Andrea Giannini

Digital/RTL Design

The reason I joined Fathom Computing goes back to the history of computers and to the issues that integrated circuits (ICs) are facing today. With the end of the Dennard scaling that allowed the IC power density to remain roughly constant with the shrinking in size of transistors, power consumption has become the main bottleneck of modern computer architectures, limiting the increase performance trend of modern processors from a 50% per year to a 3% per year. That being said, energy efficiency (performance/power) has become a critical issue in modern designs.

One trend to improve the energy efficiency when accessing data is to store everything on the on-chip SRAMs and use as much data re-use as possible. Of course this cannot be done for massive NN workloads since the die area is limited by the amount of defects caused by the fabrication process (larger dies implies lower yield). In other words, when faced with the challenge of heavily increasing performances on AI workloads, we are forced by the current die area/yield trade-off to a multi-dies system connected with advanced networking schemes.

What if there is a way to store all data on-chip, without increasing die area? Connecting multiple ICs with very high energy efficiency during communication would be equivalent to having a large die area and a high process yield! In this seemingly ideal world we could use as many SRAMs chips as we want to fulfill all the memory (and compute) requirements we need. One more time computer architects are "[...] faced with a series of great opportunities - brilliantly disguised as insoluble problems" (John W. Gardner).

At Fathom we tackle directly the scaling of multi-dies interconnection, opening the doors for new possibilities in the world of computer designs. Thanks to what we are developing, long-range energy dissipation is not anymore a problem. The energy efficiency when communicating off-chip is becoming close to the energy-efficiency of local on-chip interconnections. An array of separate ICs can be abstracted as a single large Domain Specific Architecture (DSA) without compromising die area for process yield, reducing the power density requirements for a given performance target or increasing the potential performance achievable for a given power density budget. Thanks to our custom optical system we can connect together common 2D ICs in an hyperdimensional space, exploiting the best of both worlds: computing in advanced technology nodes, while interconnecting chips with free space optics, with high connection density and extremely low energy per bit.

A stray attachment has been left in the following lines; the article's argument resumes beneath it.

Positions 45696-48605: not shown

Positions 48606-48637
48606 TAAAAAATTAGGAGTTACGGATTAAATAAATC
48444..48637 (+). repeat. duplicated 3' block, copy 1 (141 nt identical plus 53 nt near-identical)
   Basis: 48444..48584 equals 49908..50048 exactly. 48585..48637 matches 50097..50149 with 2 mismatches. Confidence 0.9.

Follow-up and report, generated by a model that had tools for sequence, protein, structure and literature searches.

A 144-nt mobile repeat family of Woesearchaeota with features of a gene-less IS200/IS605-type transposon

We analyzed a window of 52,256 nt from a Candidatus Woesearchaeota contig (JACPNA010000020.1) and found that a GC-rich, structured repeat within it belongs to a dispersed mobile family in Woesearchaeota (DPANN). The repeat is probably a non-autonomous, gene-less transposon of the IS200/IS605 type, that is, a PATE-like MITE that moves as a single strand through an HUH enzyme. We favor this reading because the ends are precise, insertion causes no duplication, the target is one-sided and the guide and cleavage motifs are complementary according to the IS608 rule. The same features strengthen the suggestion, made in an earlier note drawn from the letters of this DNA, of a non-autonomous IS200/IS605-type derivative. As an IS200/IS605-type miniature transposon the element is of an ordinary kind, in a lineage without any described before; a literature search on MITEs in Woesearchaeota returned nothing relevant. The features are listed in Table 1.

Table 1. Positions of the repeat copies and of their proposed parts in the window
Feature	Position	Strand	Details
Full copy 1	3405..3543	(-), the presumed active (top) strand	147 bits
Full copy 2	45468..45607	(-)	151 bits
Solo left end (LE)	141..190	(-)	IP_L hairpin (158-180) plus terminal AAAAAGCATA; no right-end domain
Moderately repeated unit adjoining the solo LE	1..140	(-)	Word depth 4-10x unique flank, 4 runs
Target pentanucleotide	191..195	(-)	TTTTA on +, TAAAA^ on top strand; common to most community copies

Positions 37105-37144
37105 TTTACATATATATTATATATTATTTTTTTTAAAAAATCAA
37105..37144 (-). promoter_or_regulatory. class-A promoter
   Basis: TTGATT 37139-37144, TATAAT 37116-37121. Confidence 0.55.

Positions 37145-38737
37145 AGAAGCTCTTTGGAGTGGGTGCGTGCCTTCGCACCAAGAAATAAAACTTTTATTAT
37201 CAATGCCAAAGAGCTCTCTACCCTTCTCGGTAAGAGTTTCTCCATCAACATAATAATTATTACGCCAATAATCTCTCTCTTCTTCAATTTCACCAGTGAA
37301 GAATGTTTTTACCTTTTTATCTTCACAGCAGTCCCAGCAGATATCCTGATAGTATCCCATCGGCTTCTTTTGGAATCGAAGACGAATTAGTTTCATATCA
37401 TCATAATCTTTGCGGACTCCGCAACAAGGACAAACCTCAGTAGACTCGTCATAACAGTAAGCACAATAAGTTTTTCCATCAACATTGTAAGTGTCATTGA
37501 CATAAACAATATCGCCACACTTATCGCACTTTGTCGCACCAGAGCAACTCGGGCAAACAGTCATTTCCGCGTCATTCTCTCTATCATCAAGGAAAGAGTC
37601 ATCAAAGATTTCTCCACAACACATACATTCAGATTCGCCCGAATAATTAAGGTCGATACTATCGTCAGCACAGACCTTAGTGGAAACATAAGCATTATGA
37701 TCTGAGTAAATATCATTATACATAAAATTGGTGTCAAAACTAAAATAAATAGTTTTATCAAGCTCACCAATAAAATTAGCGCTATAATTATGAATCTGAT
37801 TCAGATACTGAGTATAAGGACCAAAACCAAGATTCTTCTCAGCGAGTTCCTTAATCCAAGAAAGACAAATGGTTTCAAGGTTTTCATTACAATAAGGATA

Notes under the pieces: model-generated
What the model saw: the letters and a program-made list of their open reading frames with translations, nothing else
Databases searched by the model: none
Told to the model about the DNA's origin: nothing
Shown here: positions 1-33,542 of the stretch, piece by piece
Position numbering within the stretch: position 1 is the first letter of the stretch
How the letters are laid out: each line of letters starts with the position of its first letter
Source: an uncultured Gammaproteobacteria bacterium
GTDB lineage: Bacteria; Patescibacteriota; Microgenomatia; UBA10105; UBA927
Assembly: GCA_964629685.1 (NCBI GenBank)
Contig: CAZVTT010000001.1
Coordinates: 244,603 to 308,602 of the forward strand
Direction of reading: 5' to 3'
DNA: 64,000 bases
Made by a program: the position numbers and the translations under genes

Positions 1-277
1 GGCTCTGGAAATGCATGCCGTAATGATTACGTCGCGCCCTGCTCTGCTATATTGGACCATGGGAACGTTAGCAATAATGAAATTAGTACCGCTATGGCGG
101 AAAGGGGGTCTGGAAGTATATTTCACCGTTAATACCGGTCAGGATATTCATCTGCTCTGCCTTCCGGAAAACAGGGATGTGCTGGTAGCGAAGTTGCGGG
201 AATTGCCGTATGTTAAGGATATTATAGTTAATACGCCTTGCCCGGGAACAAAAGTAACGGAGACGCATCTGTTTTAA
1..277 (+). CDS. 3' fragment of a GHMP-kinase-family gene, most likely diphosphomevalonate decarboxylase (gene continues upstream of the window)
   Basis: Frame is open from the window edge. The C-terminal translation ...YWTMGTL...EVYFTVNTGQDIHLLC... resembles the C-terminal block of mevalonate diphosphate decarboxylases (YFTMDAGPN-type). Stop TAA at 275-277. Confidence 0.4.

The thrill of working on complex challenges in computer design, together with the opportunities to overcome the barriers imposed by standard IC designs in an open-minded and multi-disciplinary environment convinced me to start my journey in Fathom Computing.